Maria Brophy


  • and make good money doing it!

    ‘Strategies for a Successful Art Business!’
business of art / Pricing

Are your prices confusing your customers?

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Customers can be like children.  They take comfort in knowing what to expect. They want to know that your pricing structure makes sense and is well thought out.

On the other hand, if your price quotes depend on how the wind blows that day, you may be scaring away good clients.

It’s important to keep your pricing consistent when you’re a freelancer. This rule applies to all fields including graphic art, web-design, copy writing, social media consultants and everything in between.

I know, it can difficult to create a structure when there are so many dang variables.  Just in art alone, deciding How to Price a Painting can be torture.  The cost depends on the medium, complexity of the subject matter, size, and knowledge and reputation of the artist.

In the field of web design, there are over a hundred more variables to consider.

But you have to come up with some semblance of price structure.  If your customer is confused, they’ll take their business elsewhere.

The best way to devise a price structure is to begin with pencil and paper.  Write out all the possible expenses and time involved in a typical project.   Make a crude spreadsheet that helps you see, on paper, what your real profit will be.  (Often I do this exercise on an airplane – for some reason I can think best at 30,000 feet in the air.)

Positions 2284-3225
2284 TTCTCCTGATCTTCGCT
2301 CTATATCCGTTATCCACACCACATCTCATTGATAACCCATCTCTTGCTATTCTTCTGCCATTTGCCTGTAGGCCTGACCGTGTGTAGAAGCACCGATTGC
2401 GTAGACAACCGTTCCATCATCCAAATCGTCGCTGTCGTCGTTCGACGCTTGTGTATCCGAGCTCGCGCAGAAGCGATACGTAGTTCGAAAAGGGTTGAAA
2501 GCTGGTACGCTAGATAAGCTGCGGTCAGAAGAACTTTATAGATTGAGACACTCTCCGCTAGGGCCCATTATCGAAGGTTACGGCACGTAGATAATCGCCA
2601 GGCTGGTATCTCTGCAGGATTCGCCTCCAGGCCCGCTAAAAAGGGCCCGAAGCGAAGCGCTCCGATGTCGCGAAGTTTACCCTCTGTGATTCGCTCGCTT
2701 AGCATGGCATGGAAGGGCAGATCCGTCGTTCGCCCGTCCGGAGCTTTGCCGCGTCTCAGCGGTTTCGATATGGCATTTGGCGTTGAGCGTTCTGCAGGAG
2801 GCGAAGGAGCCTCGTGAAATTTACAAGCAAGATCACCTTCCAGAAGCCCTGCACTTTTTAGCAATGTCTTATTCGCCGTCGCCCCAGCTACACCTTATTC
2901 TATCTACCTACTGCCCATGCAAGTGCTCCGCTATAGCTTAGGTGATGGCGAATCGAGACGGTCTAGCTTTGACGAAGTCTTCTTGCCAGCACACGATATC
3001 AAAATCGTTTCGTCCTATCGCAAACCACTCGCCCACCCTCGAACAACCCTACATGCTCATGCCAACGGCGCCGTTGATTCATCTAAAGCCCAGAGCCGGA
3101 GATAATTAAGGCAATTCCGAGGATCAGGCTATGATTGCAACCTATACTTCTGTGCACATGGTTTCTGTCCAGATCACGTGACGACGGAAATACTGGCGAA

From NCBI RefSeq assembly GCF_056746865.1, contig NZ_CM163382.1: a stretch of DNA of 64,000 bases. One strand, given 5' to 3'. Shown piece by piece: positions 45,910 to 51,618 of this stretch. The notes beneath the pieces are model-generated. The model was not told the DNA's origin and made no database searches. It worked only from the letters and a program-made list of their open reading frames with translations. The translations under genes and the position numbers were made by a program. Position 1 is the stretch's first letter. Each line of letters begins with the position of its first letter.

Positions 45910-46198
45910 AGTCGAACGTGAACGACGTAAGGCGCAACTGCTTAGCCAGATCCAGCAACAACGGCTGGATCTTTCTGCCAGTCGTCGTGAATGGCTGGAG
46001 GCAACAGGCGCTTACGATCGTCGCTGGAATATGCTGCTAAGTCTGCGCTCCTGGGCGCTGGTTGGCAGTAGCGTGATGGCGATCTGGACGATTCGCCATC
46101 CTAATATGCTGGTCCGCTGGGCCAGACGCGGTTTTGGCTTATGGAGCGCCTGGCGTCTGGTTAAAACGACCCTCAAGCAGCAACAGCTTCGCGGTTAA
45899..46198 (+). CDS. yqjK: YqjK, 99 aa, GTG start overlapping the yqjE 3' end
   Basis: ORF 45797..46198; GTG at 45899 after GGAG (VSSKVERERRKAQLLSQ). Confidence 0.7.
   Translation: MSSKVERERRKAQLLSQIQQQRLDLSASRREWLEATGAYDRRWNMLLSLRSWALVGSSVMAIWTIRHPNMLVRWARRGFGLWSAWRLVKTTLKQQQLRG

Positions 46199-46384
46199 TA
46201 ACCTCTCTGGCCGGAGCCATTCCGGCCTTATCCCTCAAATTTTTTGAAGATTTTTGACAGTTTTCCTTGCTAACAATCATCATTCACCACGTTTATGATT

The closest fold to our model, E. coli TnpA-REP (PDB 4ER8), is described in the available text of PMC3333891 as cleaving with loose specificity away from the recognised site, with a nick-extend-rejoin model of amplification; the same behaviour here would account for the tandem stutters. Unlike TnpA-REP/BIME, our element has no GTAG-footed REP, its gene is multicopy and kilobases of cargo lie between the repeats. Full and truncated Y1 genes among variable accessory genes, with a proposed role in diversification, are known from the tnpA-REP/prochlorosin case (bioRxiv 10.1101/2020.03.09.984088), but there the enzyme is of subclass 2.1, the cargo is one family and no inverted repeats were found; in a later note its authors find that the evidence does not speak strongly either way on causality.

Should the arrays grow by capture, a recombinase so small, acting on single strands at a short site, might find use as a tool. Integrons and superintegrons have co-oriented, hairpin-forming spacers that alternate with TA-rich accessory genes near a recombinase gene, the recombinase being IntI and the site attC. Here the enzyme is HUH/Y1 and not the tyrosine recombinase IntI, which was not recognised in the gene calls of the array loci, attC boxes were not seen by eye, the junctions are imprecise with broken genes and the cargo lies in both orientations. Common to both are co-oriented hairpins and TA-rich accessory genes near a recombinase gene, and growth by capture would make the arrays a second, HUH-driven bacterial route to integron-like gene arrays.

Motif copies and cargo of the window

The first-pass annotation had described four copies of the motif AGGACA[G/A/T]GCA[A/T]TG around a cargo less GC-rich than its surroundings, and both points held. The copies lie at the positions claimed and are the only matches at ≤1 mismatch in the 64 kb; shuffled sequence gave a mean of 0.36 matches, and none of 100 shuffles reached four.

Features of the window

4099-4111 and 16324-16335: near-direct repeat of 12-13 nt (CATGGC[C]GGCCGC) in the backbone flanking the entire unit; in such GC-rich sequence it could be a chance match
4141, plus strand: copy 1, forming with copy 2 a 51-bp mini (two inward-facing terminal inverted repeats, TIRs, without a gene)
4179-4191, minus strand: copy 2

If you aren’t sure what to charge, see what other professional people in your field are charging and use that as a benchmark.  (Don’t look at what the part-timers are charging – they may not be charging enough and that’ s why they aren’t doing it full-time.)

Keep in mind, you aren’t married to your prices.  You can fine tune them as time goes on. And you will.  Eventually, you’ll have your pricing so wired that you’ll be able to properly quote a new project quite easily.

Many years ago we hired a graphic designer to create a marketing piece.  He charged us a reasonable rate.  We were pleased with the work and hired him for more projects.  Then, suddenly, his prices jumped about 80%!  When we asked why, the answer wasn’t clear.

His price structure had no real structure.  It was based on how busy he was that week.  This caused us to lose faith in him as a professional.  Eventually, we stopped working with him and found someone else that we could count on.

Are you confusing your customers with your pricing?  Or do you have a consistent structure, based on either time or a per project basis?

Clients, much like children, feel more secure when there’s structure that they can count on. Keep this in mind the next time your clients ask for a price quote!

Maria xxoo

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6 Comments Are your prices confusing your customers?

  1. Marie Kazalia


    I have had numerous discussions on pricing w/assorted artists and art professionals –everyone seems to have their own system/method of pricing.